BY CHRISTINE RICHMOND ◊ PHOTOGRAPHS BY DAVID ENGELHARDT
ELIZABETH SUDA’S aha moment came to her eight years ago in Laos, over a bowl of noodle soup.
Laos, as you may or may not know, was heavily bombed by the United States during the Vietnam War, and there are still about 80 million unexploded munitions littering the country. They’re mostly cluster bomblets, which are the size of an orange and tend to hide just beneath the surface of farmland. At least 20,000 people in Laos have been killed or injured by them since the bombings ended. In fact, the problem is so serious that in September, President Obama pledged to double U.S. spending to help clear them.
Suda studied history, so she had some knowledge of the situation in Laos. But she didn’t realize the full extent of the problem until she was there. She was startled to see large “Mines Advisory” trucks speed by and to hear the loud boom of bombs being detonated in nearby fields. One day, she visited a remote village and saw artisans melting leftover bomb parts to make spoons. “It’s a beautiful process to watch— the metal becomes molten and luminous—and I was moved by how they took something harmful and aggressive and turned it into something new,” Suda says. When she ordered a bowl of noodle soup for lunch, she was handed one of the spoons.
“I was sitting there, eating off a spoon that was actually a U.S. bomb. In that moment, I realized I probably wasn’t the only person who didn’t know this story—and that there was an obvious need to tell it.”
“OUR CUSTOMERS IDENTIFY IN A VERY PERSONAL WAY WITH THE IDEA OF TRANSFORMATION FROM NEGATIVE INTO POSITIVE.” —ELIZABETH SUDA
And thus, the idea for Suda’s company, Article 22 ,was born. (The name, by the way, is a reference to the 22nd Article of the UN’s Universal Declaration of Human Rights.) Although Suda loved the story behind the spoons, she knew there would be a bigger market for jewelry. So she approached the villagers to see if they’d be interested in collaborating with her on a bangle. “It took a few months to convince them,” Suda recalls. A functional object like a spoon made sense to them, but “they had a hard time understanding why people would buy aluminum bracelets,” she says. It also took a while to refine the process so that the bracelet met Suda’s design standards. But finally, in 2010, she had a product to sell— and before long, fashion models and Vietnam veterans alike were placing orders.
Today, Article 22 sells a range of accessories, including rings adorned with gemstones and leather bracelets with metal charms. Some are engraved with conversation-starting phrases like “dropped + made in Laos”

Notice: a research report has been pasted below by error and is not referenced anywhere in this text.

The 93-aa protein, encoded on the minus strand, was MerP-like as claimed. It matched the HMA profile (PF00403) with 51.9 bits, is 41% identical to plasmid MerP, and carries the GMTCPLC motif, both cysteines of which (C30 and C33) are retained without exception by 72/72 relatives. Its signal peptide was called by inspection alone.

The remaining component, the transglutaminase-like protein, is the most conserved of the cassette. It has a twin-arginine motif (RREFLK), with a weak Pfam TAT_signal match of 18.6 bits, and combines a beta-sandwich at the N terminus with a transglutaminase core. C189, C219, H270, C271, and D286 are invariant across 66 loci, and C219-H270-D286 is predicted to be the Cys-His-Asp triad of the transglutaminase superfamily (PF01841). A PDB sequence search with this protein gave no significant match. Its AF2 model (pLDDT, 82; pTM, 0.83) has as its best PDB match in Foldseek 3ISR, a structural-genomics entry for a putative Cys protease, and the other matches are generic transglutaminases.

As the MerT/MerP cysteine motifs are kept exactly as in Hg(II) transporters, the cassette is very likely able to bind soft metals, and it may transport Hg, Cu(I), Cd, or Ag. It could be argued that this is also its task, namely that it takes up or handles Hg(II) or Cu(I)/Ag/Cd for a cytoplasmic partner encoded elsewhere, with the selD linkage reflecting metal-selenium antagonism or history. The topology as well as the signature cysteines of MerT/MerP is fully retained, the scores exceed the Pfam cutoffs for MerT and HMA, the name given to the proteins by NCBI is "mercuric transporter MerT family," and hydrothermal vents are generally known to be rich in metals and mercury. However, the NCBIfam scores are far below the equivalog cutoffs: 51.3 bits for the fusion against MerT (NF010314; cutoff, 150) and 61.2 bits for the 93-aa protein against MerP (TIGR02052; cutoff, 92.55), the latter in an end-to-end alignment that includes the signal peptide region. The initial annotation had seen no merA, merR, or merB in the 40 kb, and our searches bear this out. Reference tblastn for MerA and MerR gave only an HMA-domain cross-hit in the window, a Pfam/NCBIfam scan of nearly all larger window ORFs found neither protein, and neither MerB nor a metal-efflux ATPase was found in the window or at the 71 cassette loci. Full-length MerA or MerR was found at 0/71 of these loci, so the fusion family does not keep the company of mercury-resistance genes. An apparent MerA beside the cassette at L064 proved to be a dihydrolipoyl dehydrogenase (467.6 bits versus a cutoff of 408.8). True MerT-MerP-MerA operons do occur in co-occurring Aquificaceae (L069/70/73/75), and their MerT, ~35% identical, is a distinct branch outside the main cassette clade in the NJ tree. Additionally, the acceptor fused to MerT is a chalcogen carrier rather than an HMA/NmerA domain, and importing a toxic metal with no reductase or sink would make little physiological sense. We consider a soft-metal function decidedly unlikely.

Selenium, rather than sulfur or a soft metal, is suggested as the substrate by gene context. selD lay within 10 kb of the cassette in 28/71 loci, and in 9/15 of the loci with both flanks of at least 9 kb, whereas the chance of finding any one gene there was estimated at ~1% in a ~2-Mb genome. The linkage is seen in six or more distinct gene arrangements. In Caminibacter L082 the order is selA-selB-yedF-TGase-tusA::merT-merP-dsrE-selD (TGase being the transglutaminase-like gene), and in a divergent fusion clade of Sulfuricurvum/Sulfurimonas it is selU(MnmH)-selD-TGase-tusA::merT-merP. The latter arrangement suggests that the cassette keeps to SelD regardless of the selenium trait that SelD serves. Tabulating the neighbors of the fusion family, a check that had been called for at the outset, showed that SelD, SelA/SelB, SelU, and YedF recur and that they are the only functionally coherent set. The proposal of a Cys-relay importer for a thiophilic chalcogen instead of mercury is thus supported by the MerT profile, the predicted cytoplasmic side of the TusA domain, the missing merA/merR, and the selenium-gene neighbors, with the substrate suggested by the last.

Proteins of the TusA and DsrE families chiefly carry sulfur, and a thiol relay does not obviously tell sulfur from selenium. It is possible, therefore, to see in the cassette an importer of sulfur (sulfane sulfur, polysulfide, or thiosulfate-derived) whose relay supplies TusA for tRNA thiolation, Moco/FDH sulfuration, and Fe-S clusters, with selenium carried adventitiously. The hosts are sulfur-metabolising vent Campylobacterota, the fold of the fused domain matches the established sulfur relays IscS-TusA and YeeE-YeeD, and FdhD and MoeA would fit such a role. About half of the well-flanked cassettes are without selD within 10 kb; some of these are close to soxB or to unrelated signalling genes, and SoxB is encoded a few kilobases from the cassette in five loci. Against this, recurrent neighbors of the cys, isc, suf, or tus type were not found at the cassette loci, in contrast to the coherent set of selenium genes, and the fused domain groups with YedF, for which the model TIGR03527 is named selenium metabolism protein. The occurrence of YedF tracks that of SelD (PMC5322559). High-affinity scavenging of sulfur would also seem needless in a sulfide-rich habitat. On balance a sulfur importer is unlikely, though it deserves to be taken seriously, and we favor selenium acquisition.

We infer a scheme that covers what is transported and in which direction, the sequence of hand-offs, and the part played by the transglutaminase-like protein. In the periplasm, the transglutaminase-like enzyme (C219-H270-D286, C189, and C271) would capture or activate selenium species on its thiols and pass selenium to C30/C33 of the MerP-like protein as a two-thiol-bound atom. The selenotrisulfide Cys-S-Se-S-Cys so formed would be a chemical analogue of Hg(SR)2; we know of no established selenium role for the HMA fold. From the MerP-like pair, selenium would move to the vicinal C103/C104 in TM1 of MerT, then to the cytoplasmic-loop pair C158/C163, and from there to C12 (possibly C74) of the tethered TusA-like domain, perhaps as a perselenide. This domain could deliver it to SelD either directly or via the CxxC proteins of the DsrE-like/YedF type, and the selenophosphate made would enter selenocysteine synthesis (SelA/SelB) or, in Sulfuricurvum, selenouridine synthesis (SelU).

and “love or perish.” Shoppers can also add their own words to pieces, which has proven popular. “Our customers identify in a very personal way with the idea of transformation from negative into positive. People buy the pieces for milestones and life events, and they customize them,” Suda says. The fashion world has taken notice, too. Artist Beatrix Ost and model Angela Lindvall have created special collections for Article 22, which has raised the company’s profile.
Suda employs about 30 artisans in Laos, and they’re paid at least seven times more than what they earn making spoons. (For complicated pieces that require special skills, they can make 100 times as much.) Suda also donates 10% of sales to a village development fund that provides electricity, infrastructure improvements, microloans, and other benefits to the entire community. And she donates to Mines Advisory Group’s ongoing efforts to safely remove unexploded bombs. To date, Article 22 has paid to clear more than 32 acres of land. (Once the bombs are detonated, the scrap metal is sent to foundries. That’s where the artisans get it—they aren’t picking through fields looking for materials, which would be incredibly dangerous.)
As Article 22 introduces more sophisticated pieces to its product line, Suda has been inspired by how the villagers have fine-tuned their skills. “I’m so impressed by their willingness to experiment and try new techniques, like learning how to get a high polish on metal. They transformed their approach to their own craft when they saw there was greater possibility,” she says. Up next is an expansion into home goods. Suda is working on tabletop items made with wood sourced from the village. And she’ll be offering pillows covered in handwoven fabric. “Most women in rural Laos weave. They wear traditional skirts that they make themselves,” Suda explains. She knew her customers would love the gorgeous fabric—but that they’d be more inclined to buy a throw pillow than a traditional skirt.
“We’re really passionate about working with communities in off-the-beaten-track places. They have incredible skills that should be in the marketplace,” Suda says. That’s where she comes in. Suda sees the beauty and value of indigenous handicrafts (“I view them as living art forms,” she says,) and knows how to translate them into modern products that will get the rest of the world excited, too. “There are talented artisans who just aren’t connected to the market. So I’m bringing the customers to them.”